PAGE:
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Health Highlights: Aug. 27, 2008

Here are some of the latest health and medical news developments, compiled by editors of HealthDay:

Vaccine Said to Ward Off Bird Flu

An experimental bird flu vaccine appears to generate an immune response in people that can help guard against getting the disease, its producer says.

The deadly H5N1 strain of bird flu has killed more than 240 people since 2003, mostly in Asia. Experts worry that it will mutate to a form that's more easily passed from birds to people, triggering a human pandemic.

Novavax Inc. said of 160 people who got its two-injection vaccine, 94 percent produced an immune response against the virus, the Bloomberg news service reported.

The company's process uses insect-cell cultures, allowing it to produce seven to 10 times as much vaccine in the same span as older techniques that rely on mammal eggs or cells.

Traditional vaccines are made from chicken eggs, a process that can take up to six months. Novavax, by contrast, said it can produce a vaccine within 12 weeks of identifying a bird flu strain, Bloomberg reported.


Parkinson's Drug Slows Disease Symptoms: Maker

A drug already approved by the U.S. Food and Drug Administration is the first medication to demonstrate that it hinders the progression of Parkinson's disease, the Bloomberg news service quotes the Israeli drug maker Teva Pharmaceuticals as saying.

Azilect slows the body's production of an enzyme that destroys dopamine, a hormone that when in short supply causes the tremors, depression, speaking and movement problems that characterize Parkinson's, the news service said.

In presenting clinical data at a medical conference in Madrid, Teva issued a statement saying Azilect demonstrated "significant improvement" in people who had taken the drug for 18 months, compared with those who had taken it for nine months.

Teva plans to ask the FDA for permission to label Azilect as a way to slow the progressive symptoms of Parkinson's, Bloomberg said.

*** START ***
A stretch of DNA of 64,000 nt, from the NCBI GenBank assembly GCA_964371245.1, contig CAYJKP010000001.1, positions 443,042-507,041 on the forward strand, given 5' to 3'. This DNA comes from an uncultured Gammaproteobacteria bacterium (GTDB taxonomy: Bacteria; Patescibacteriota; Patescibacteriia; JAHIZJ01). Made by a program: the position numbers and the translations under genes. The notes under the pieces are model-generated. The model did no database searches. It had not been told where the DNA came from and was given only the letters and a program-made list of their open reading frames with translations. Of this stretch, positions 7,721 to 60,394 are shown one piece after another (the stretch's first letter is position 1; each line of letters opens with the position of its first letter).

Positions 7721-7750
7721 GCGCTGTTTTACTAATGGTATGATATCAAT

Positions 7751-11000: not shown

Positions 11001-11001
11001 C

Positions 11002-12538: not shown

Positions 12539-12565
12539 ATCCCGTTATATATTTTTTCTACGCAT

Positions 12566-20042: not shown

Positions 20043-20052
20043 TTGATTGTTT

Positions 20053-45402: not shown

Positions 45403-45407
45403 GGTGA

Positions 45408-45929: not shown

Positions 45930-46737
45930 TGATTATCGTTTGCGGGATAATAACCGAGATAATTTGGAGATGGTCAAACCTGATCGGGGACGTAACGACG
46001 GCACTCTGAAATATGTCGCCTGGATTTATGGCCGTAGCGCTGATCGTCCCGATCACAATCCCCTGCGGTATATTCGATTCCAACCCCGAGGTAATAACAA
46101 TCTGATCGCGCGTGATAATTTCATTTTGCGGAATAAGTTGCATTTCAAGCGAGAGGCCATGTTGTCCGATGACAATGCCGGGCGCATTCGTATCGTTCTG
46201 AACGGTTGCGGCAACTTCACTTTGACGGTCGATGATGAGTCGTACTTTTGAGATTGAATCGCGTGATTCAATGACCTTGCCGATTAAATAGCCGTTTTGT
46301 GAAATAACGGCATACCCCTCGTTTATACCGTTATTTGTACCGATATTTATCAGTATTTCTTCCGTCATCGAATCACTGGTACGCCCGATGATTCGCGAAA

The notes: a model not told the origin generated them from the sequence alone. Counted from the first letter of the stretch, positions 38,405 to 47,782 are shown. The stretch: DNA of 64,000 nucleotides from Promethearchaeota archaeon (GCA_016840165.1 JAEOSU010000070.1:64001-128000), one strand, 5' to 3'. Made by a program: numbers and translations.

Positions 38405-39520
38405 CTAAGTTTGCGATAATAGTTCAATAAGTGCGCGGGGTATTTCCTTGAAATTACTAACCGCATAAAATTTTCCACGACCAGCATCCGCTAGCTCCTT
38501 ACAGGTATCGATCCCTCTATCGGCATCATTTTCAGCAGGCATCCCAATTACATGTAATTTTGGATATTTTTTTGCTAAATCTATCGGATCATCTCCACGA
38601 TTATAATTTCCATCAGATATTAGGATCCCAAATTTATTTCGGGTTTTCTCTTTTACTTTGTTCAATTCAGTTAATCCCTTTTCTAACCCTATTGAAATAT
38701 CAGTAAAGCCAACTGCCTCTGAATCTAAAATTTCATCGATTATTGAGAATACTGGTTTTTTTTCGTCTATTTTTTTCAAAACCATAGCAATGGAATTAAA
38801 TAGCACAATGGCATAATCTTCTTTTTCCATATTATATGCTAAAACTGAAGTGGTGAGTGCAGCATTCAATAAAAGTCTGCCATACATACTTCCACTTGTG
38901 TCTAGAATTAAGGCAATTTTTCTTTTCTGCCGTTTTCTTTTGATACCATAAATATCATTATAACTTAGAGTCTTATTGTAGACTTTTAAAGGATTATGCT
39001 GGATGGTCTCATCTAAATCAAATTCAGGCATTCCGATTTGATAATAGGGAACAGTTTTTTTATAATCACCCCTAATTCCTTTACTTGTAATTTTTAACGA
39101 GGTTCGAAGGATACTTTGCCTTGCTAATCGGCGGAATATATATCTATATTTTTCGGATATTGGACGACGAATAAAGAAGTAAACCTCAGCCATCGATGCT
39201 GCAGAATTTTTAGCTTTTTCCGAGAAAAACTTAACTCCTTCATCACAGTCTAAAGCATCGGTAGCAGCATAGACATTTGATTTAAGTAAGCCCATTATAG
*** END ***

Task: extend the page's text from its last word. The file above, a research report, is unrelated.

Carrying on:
FDA Raises Concern About New Ovarian Cancer Test

The U.S. Food and Drug Administration says it is alarmed about a new blood test that its distributor says can detect ovarian cancer in its early stages, The New York Times reported Tuesday.

OvaSure, developed at Yale University, has been offered for about two months by one of the largest U.S. clinical laboratory firms, LabCorp. Despite an overwhelming need for such a test, the FDA and some medical organizations have raised red flags since its introduction in June, saying the diagnostic hasn't been tested enough, the Times said.

The Society for Gynecologic Oncologists almost immediately issued a statement, saying the organization feared unnecessary operations spurred by false positives.

If ovarian cancer is detected before it spreads from the ovaries, more than 90 percent of women in this stage will survive at least five years, the newspaper reported, citing the American Cancer Society.

Nonetheless, the FDA, which generally doesn't regulate diagnostics performed by a single laboratory, has informed LabCorp that there doesn't appear to be enough clinical data to validate that the test actually works, the Times reported.

In an Aug. 7 letter to LabCorp posted on the agency's Web site, the FDA said, "We believe you are offering a high-risk test that has not received adequate clinical validation and may harm the public health."

LabCorp responded that it looked forward to discussing the test with the agency, adding that it would continue to offer the diagnostic in the meantime, the newspaper said. The test costs $220 to $240.

The American Cancer Society estimates more than 21,000 cases of ovarian cancer will be diagnosed in the United States this year, and more than 15,000 are expected to die from the disease, the Times reported.


Alabama to Charge Obese Workers Extra for Insurance

Any of Alabama's more than 35,000 state employees will be charged $25 per month for insurance that's usually free if they're too fat and don't work on losing the extra weight by January 2010, the Associated Press reported.

While other states reward workers who meet criteria for what's considered healthy, Alabama would be the first state to penalize those who qualify as obese. The monthly charge would apply to any state employee with a body mass index (BMI) of 35 or greater who "doesn't make progress" in slimming down, the wire service said. The state has yet to determine how much progress an employee would have to demonstrate.

A BMI of 30 or higher is considered obese. A person who is 5-feet, 6-inches tall and weighs 220 pounds would have a BMI of 35.5, the AP said.

The wire service cited statistics from the U.S. Centers for Disease Control and Prevention showing that Alabama ranks second in the nation behind Mississippi as the state with the biggest weight problem. Nearly one-third of Alabamians are obese.

The director of Alabama's State Employees' Insurance Board said that a person with a BMI of 35 to 39 faces about $1,750 more in medical expenses each year than a person with a BMI of less than 25.

Alabama already charges a premium to state workers who smoke.

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Posted: August 2008